A Tale of Two City’s opening line established the time it was set in – namely, the French Revolution – as a time of contradictions and a point in history where both the people in charge and the church were behaving like bastards towards the average person, again setting up the book’s conflict.

      Next time you start a new book, keep that in mind.

      • American Charioteer

        The point is that they all violate Vonnegut’s fourth rule: “Every sentence must do one of two things — reveal character or advance the action.” All of those sentences are expositional and tell us something important about the social setting in a memorable way, demonstrating that the rule is, as Oren put it, “marginally helpful at best.”

      • SunlessNick

        1984’s opening line just established that that world and society was not a place you would want to live in

        Not really – all it established was that the time of day is reckoned differently. But that’s fine – it intrigues us with this world and makes us want to know more. (Then of course the rest of the book then goes on to make us regret that impulse).

  2. Bronze Dog

    Rules 2 and 3 seem pretty obvious to me, but it can be surprisingly easy to neglect things like that when you get focused on other parts of the story. I suppose one common problem is losing sight of the actual characters if you’re building from archetypes and formulas.

    Rule 6: When I was younger, my worldbuilding ended up running into a problem that rule 6 could have helped with: My civilizations didn’t systematic problems to solve, and my characters didn’t get spinach. That said, taking it to “sadistic” levels is a bit much. There is room for lighter fare, as acknowledged in the article. The flipside is that it’s entirely possible to go so far into sadism that no one wants to watch all the suffering. It all depends on your intended tone and your own tendencies. I’m probably too kind most of the time.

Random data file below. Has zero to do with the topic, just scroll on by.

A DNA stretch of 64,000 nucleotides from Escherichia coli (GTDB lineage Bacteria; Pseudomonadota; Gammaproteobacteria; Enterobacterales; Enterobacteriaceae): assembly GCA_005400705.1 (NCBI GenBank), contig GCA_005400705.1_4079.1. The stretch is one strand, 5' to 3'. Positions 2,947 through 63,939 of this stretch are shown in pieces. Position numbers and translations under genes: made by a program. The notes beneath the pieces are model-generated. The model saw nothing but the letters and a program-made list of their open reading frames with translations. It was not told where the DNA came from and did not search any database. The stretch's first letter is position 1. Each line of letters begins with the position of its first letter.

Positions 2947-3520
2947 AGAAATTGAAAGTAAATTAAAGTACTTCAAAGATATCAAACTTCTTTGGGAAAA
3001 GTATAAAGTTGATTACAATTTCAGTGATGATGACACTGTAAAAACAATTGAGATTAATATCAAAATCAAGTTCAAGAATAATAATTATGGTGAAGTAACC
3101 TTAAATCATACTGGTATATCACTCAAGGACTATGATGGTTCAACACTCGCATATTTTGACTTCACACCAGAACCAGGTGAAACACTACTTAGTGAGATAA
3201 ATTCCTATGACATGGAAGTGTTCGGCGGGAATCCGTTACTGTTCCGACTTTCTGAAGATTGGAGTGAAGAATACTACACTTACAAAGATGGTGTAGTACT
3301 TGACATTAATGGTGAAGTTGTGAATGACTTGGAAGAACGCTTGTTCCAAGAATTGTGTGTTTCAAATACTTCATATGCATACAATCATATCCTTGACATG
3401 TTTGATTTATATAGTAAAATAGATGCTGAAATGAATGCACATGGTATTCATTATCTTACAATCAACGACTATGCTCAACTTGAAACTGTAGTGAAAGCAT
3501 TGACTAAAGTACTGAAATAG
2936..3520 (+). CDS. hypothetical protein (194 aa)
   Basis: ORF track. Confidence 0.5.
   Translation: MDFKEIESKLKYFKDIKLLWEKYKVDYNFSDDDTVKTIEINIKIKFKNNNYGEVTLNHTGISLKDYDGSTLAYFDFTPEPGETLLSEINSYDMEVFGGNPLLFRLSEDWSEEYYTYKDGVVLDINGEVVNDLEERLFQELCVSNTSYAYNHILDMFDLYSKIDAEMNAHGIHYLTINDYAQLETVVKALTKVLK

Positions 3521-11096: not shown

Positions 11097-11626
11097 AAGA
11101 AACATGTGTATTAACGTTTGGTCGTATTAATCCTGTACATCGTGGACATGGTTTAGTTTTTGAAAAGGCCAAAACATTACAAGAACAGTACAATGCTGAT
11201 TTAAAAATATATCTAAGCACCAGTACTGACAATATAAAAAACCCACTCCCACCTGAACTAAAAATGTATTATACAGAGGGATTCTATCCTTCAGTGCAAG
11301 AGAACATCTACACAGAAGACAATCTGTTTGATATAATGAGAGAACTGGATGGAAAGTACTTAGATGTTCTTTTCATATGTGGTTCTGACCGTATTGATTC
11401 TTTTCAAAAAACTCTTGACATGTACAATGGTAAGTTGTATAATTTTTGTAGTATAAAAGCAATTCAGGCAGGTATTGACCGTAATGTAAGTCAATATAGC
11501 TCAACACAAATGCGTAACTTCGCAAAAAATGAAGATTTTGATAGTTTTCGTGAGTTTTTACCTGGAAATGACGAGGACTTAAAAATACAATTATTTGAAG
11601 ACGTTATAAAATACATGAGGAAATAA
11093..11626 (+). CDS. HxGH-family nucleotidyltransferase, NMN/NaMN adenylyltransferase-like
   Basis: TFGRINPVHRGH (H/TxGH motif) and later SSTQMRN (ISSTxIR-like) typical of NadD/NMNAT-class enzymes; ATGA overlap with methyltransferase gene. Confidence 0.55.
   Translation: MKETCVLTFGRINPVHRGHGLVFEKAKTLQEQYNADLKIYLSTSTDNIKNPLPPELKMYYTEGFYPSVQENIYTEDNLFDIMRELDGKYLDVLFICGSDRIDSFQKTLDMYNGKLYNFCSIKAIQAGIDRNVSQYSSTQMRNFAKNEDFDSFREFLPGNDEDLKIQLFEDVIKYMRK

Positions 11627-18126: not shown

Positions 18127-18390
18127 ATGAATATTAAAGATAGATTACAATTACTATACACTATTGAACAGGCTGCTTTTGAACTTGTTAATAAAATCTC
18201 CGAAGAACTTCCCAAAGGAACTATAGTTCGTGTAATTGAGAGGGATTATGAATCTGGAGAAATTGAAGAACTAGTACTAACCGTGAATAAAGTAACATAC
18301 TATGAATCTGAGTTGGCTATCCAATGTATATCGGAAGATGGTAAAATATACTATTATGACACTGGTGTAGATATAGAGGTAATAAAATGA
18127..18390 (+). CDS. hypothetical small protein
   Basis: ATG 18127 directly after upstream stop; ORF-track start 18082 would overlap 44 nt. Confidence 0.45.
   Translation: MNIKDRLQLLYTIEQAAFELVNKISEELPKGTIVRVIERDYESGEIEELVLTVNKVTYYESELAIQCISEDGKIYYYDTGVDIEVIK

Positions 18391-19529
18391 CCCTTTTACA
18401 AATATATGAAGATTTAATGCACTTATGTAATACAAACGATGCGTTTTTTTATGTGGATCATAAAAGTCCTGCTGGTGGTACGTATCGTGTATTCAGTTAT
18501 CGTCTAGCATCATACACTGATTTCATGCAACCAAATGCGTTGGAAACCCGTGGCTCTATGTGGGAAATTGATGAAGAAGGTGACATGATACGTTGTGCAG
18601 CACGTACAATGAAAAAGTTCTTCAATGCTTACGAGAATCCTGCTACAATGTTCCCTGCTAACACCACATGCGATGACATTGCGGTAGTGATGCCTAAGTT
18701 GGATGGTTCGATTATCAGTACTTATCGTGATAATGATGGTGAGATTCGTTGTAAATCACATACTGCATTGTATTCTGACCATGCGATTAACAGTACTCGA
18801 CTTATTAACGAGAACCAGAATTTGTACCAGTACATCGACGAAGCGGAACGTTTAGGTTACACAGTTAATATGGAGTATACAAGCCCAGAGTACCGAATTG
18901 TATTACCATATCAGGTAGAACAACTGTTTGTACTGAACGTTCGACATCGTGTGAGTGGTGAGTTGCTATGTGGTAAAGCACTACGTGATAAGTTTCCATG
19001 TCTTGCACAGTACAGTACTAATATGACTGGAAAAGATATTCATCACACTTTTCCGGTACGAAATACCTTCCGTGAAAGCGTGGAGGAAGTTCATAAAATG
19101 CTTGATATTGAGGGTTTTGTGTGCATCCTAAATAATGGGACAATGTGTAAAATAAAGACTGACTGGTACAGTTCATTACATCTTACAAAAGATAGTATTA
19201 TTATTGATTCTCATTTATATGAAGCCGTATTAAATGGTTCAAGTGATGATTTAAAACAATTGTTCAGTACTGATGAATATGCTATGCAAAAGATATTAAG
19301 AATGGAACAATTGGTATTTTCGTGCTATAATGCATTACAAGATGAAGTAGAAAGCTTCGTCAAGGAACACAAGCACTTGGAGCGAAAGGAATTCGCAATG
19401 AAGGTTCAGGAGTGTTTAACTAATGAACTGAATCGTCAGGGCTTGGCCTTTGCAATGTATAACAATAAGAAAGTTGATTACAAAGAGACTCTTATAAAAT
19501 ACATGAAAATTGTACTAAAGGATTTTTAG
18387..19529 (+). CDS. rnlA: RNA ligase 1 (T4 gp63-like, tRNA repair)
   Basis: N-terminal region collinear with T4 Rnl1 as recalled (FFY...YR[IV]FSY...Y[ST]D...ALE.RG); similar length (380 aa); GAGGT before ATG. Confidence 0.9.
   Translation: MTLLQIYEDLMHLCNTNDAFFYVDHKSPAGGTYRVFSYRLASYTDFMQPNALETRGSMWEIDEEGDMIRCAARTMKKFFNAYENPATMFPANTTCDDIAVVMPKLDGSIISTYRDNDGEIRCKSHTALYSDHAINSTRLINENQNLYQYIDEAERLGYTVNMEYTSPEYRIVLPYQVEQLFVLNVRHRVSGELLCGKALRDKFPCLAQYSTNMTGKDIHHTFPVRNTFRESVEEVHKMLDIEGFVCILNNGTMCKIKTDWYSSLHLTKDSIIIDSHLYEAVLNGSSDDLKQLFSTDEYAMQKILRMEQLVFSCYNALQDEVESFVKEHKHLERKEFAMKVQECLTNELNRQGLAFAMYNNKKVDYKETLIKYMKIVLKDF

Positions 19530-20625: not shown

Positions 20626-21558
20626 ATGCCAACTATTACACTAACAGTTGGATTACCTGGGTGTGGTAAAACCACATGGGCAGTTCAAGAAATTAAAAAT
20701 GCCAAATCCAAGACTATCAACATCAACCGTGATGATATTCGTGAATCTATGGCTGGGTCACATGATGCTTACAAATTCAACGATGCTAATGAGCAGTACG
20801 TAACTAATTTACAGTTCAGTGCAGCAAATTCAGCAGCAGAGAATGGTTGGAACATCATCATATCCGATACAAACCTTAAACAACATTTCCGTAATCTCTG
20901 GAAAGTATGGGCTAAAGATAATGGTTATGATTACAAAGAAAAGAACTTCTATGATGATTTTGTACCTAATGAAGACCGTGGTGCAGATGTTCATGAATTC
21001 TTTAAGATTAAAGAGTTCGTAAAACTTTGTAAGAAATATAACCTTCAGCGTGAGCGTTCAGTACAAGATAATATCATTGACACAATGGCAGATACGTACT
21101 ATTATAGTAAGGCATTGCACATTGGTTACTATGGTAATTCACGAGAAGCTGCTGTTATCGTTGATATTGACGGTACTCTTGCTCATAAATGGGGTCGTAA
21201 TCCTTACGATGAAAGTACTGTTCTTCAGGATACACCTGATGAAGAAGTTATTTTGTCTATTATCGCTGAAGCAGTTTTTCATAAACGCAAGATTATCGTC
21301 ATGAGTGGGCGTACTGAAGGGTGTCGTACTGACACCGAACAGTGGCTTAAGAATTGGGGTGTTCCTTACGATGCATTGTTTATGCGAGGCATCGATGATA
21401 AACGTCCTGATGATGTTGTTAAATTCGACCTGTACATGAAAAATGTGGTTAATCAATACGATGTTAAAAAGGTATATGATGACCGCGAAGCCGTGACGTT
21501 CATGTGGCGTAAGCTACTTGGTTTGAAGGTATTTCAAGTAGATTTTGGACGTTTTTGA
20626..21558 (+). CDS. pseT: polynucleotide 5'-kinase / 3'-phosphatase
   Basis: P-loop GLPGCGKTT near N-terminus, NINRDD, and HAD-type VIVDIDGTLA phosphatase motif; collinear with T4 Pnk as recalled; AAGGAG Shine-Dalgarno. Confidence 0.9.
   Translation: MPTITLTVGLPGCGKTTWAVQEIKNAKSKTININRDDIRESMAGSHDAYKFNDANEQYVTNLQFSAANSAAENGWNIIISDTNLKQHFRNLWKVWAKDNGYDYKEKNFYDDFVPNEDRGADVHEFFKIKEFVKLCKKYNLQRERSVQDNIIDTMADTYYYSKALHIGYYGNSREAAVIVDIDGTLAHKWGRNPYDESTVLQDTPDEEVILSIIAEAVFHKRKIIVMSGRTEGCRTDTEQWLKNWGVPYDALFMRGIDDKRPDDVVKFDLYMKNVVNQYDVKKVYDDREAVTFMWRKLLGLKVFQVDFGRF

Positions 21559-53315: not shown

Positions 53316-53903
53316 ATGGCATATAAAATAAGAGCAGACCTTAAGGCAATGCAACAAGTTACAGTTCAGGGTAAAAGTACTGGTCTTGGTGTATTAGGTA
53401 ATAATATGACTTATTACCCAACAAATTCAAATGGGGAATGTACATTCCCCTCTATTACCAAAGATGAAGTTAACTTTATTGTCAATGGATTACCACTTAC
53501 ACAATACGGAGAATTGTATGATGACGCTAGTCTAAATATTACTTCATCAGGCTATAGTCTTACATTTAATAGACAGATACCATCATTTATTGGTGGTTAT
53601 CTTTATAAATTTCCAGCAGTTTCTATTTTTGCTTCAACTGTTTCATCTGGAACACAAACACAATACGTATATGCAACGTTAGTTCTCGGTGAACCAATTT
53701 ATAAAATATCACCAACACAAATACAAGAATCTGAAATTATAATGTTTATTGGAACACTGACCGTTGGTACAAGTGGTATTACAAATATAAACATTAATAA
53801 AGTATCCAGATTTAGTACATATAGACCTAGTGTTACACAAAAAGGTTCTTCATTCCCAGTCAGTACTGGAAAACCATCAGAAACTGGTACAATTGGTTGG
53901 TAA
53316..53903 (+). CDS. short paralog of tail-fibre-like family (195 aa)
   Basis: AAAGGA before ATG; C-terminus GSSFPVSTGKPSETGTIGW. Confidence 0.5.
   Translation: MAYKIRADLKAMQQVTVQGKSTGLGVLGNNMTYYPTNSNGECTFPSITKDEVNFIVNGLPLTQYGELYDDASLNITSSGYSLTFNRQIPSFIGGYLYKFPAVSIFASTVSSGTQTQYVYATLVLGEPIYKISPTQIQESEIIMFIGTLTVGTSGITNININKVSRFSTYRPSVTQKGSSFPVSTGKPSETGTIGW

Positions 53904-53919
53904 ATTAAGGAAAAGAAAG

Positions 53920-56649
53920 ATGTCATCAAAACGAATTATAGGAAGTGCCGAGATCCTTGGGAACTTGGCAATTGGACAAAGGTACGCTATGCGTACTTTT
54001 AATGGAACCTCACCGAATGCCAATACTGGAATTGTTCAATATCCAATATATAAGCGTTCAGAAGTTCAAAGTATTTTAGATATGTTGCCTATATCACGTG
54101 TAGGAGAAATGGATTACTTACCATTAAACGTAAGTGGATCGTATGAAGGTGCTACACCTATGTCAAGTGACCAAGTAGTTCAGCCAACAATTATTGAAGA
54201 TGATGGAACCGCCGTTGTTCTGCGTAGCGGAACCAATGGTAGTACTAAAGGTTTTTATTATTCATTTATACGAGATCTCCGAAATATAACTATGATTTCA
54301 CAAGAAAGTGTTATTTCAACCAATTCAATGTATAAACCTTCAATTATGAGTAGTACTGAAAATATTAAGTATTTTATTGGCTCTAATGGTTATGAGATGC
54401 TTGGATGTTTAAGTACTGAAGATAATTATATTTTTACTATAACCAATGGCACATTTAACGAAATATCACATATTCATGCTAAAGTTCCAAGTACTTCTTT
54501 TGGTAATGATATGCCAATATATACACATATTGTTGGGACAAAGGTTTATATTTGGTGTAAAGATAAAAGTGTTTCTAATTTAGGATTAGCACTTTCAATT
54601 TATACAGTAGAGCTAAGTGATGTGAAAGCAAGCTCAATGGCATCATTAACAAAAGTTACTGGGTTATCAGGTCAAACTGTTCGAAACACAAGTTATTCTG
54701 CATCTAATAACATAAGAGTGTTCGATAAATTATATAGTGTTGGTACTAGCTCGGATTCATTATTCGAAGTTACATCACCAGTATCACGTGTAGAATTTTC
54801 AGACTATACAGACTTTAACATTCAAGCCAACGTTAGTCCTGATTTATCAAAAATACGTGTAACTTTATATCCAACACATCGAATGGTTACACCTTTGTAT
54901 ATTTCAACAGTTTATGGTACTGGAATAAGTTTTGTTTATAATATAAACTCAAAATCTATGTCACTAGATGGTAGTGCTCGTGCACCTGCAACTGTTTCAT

• Cay Reet

      To be honest, a stretch in one of the first novellas I wrote and published still makes me cry these days (as I found out when rereading it yesterday). I was pretty cruel to my main character there. But while I agree that you need to push your character into situations which challenge them and look like they’re too much at first glance, I’m not sure you should be outright sadistic.

  3. Paul C

    I’d like to (weakly) defend rule #1 (weakly, mind you). True, as Owen wrote, no one intends to waste the reader’s time, but, darn it, it happens. I’ve tossed more than a few books that have fallen apart structurally, drifted off into useless backstory, displayed no grasp of spelling or grammar. I’m certain none of the authors wanted that. They wanted me to enjoy and appreciate their stories.

    So…charitably…I think Vonnegut is saying that in the dialogue between the writer and the reader the writer needs to do their part. (Similar is Elmore Leonard’s “Try to leave out the parts the readers tend to skip.” ) The writer cannot depend only on their own feelings about the goodness of what they’ve written.

    One solution lies in the tag question at the end of each Mythcreant blog: “Need an editor?” So, hire Owen or Chris. Or both — to be serious about not wasting a reader’s time.

    • Oren Ashkenazi

      Thanks for the comment Paul. You’re absolutely right that lots of stories do feel like they’re wasting the reader’s time. I read Dance With Dragons so I should know

      And of course, while it is completely self serving of me, I always say writers should get an editor if it fits in their budget.

    • SunlessNick

      Leonard’s line is better, I think, in terms of providing what Oren refers to as actionable advice.

      The way Vonnegut phrases it is more like an aspiration than a rule.

  4. Tiberia

    I have strong Opinions on Rule 8
    This rule is not good as a rule, it does not work for all stories. It is a tool, and as I will say repeatedly, you may use a tool, you may not use a tool, but never throw away a tool.

    First off; “The Thrill of Not Knowing” is overrated, overdone, and has reached the status of a cargo cult. It is only one mode of storytelling and yet in the 21st century we move to make it the only one. Spoiler culture reaches a fever pitch and storytelling is the worse for it.
    Side tangent; Spoiler culture has turned storytelling into a more solitary activity. not entirely, but just more so than before. We don’t share stories as much. We don’t excitedly recount a story we read or saw, we tell them to go see it themselves, or even apologize for wanting to share our passion. This is immensely depressing.